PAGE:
> hiring and firing on the same day?" He and other industry leaders
> said
> the answer is simple: they're hiring skilled engineers to design the
> products that represent their companies' futures, while laying off
> manufacturing workers, support staff, administrators and employees who
> have received poor performance evaulations.
>
> (Ed. Note 1: Support staff often includes us tech writers, folks.
> Knowing how to put something in HTML or PDF format is a nice "to have"
> skill, but it's worthless if there's no product to document, in my
> opinion. I think we need to keep this in mind as we progress in our
> careers -- but that's me. :D )
>
> As many as half the graduates of the most-prestigious engineering
> schools in the country are natives of other lands, industry officials
> say. "Because the U.S. has the best science and engineering education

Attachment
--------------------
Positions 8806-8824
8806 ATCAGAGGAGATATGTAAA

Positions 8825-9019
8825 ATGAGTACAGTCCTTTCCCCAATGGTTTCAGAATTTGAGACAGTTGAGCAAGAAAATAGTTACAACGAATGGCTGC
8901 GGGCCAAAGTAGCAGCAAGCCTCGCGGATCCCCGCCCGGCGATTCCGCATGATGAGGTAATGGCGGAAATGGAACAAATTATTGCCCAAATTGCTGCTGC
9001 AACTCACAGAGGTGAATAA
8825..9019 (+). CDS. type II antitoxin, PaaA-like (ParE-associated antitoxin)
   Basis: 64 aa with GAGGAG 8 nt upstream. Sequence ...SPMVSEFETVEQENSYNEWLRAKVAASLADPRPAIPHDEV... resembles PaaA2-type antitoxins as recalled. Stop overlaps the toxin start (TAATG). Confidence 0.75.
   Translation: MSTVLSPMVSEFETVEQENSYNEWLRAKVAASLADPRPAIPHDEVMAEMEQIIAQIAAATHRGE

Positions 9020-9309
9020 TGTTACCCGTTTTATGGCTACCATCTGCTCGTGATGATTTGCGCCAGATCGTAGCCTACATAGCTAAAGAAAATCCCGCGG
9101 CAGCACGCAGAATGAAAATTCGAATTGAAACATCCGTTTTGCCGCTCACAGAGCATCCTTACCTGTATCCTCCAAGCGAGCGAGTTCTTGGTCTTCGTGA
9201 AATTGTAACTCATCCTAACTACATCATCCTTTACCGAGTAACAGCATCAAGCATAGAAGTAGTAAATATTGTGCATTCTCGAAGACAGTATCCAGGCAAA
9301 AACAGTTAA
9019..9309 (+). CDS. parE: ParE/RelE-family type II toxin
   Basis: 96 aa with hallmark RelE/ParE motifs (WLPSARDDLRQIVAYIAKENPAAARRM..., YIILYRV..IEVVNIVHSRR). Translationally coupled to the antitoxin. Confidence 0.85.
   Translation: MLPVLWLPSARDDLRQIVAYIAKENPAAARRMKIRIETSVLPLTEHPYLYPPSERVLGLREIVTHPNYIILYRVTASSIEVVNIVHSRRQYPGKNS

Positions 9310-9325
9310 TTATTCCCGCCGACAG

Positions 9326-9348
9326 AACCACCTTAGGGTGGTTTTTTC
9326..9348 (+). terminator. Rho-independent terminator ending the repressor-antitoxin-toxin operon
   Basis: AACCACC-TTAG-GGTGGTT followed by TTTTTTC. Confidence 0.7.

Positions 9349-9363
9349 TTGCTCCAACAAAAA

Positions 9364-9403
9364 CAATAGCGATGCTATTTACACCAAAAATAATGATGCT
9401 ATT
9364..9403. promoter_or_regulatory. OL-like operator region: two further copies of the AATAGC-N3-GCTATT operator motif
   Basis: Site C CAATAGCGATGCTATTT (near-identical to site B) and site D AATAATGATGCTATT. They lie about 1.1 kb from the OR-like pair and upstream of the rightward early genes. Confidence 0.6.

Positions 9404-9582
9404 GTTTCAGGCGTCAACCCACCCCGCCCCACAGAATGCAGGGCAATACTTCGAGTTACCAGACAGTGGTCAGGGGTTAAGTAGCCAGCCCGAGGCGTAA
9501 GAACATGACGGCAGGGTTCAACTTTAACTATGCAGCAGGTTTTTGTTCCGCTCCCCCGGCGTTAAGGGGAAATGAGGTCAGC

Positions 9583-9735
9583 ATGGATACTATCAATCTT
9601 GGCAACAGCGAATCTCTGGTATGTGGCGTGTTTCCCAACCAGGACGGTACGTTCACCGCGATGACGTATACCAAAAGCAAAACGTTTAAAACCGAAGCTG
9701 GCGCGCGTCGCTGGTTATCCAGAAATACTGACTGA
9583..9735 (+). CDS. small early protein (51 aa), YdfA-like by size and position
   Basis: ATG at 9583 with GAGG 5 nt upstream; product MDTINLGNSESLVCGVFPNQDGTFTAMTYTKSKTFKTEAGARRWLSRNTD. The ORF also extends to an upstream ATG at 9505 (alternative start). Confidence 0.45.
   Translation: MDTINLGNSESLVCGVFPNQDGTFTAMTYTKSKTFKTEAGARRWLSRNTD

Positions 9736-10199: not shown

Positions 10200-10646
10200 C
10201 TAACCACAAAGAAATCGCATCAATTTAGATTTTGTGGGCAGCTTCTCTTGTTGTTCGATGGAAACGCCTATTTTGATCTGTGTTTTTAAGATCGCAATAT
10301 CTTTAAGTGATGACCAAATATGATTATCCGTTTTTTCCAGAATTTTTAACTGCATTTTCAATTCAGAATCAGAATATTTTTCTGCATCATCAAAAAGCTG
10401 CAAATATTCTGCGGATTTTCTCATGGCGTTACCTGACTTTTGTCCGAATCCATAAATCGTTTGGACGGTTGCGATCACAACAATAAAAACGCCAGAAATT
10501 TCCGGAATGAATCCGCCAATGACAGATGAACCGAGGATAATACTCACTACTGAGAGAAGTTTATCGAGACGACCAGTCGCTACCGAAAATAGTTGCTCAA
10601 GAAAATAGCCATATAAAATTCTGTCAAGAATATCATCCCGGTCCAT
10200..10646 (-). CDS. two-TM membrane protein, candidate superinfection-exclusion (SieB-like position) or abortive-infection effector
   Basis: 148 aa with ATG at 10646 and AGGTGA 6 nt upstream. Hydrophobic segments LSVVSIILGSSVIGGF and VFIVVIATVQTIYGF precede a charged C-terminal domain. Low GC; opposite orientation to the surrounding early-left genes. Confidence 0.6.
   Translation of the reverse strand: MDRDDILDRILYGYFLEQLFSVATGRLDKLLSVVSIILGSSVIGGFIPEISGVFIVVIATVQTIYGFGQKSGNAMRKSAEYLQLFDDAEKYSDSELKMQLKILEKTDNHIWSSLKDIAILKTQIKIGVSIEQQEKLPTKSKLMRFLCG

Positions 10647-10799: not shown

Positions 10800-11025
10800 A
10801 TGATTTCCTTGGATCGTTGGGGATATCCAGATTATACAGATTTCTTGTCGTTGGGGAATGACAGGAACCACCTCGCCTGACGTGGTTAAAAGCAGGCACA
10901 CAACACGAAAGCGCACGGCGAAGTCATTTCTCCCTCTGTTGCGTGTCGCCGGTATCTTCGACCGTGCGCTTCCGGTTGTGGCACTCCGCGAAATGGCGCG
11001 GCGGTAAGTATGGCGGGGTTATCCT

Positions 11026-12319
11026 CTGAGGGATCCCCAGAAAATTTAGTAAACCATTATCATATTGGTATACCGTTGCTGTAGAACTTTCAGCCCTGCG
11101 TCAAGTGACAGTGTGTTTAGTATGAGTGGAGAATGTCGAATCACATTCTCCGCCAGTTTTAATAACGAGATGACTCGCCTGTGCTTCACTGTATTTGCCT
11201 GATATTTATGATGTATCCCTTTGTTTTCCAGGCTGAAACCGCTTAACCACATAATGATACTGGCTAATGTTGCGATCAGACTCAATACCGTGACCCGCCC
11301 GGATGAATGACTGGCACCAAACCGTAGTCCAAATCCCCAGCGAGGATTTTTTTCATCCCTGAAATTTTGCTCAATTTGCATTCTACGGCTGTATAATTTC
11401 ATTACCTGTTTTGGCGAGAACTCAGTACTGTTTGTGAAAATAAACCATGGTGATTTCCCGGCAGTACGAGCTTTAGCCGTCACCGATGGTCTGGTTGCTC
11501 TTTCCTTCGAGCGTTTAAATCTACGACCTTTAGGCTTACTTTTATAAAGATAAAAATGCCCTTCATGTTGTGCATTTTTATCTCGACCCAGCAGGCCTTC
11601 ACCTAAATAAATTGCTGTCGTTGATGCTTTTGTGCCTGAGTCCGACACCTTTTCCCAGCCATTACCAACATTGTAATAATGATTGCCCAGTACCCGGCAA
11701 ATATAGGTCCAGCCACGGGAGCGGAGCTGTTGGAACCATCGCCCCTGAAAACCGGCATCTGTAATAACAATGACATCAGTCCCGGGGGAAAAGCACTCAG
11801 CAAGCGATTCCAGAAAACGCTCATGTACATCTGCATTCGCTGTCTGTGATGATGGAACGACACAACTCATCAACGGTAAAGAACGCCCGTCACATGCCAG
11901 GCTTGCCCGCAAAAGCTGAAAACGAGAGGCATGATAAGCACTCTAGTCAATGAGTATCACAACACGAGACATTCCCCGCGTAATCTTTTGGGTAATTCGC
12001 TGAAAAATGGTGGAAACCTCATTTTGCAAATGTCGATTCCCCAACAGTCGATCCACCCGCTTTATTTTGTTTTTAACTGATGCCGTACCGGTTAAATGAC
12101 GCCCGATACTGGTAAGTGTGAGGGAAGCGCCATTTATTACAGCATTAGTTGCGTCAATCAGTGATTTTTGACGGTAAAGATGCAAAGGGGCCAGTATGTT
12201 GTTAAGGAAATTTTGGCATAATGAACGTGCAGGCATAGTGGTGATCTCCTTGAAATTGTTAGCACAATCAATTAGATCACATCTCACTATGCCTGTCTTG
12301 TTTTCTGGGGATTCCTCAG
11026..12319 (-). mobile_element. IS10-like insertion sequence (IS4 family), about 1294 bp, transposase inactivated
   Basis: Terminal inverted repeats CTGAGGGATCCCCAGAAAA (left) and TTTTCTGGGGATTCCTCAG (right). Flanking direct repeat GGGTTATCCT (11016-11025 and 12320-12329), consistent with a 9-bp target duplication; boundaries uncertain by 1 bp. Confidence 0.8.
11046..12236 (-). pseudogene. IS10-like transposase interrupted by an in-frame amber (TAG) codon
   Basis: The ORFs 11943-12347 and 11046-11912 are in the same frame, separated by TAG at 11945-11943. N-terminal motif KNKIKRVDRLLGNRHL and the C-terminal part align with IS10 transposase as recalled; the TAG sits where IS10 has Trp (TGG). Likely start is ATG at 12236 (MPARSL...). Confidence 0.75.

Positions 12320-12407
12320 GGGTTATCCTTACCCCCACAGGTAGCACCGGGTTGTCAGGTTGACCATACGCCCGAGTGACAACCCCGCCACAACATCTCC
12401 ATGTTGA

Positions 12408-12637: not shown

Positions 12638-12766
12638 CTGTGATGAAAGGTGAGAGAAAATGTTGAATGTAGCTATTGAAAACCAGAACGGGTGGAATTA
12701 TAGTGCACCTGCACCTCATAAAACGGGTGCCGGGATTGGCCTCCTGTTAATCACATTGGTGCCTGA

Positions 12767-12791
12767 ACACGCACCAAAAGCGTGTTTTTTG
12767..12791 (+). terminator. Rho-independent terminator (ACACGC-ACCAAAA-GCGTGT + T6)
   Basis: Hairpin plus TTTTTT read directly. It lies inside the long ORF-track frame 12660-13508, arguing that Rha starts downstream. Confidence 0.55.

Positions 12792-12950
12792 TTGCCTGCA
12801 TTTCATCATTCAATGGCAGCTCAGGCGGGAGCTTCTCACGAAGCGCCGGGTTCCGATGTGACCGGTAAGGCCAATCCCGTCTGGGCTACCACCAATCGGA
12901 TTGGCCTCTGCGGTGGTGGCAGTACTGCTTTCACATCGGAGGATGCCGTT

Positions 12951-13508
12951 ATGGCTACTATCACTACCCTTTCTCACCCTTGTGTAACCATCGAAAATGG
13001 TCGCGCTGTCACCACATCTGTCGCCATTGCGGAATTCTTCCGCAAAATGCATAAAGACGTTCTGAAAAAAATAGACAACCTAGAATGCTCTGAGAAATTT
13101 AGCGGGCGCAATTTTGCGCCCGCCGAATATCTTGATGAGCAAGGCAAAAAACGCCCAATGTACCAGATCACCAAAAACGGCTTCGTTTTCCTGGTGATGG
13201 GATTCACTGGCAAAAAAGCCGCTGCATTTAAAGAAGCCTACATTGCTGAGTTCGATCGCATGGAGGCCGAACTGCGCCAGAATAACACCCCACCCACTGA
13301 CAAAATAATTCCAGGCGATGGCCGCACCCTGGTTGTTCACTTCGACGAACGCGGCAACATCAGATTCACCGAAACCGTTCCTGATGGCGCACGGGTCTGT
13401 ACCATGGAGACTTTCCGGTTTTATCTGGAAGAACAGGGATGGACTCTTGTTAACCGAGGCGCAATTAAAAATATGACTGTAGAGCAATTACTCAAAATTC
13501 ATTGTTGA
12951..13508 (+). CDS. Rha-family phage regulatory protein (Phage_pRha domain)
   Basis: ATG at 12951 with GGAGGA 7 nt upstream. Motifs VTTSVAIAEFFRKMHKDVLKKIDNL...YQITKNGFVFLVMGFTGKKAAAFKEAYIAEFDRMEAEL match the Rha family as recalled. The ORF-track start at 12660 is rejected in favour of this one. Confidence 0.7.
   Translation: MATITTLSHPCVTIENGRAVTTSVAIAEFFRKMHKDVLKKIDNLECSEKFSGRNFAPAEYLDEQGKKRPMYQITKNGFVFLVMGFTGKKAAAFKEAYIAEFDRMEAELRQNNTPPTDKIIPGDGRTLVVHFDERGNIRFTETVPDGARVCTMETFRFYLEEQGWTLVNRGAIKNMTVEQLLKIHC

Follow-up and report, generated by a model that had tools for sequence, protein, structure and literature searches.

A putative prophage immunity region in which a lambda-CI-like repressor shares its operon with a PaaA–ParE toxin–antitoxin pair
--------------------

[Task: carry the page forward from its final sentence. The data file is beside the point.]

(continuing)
> in the world, the people in the doctoral and master's programs aren't
> just from the U.S., but they're from India, China, Europe, Russia" and
> other countries, said Tom Waldrop, a spokesman for Intel. Engineers
> with advanced degrees "are scarcer than hen's teeth," Waldrop said.
> "If
> we could hire only American nationals, we would do it. It's cheaper.
> There's a whole lot less red tape. It costs $12,000 per person in
> extra
> legal work."
>
> "Quite honestly, it's a cultural difference," said Paul Kostek,
> president-elect of the Institute of Electrical and Electronics
> Engineers. "In the U.S., it's 'Show me the money.' We're not
> impressed
> by reams of degrees. Other countries look at education as important."
> Bill Reed, president of the American Electronics Association, said
> he'd
> like to see American universities accept fewer foreign students. "I
> think it's a terrible waste to educate one of those people instead of
> taking some of ours, whether they meet the highest standards or not,
> and
> educating them," Reed said.
>
> (Ed. Note 2: This could easily mean taking a tech writer and have him
> or her become an engineer. There's no language barrier for
> university-level tech comm program grads to overcome while trying to
> master engineering subjects. This is putting the "technical" in
> technical writing, folks. It's an issue that university professors in
> the mass communications and English studies environments don't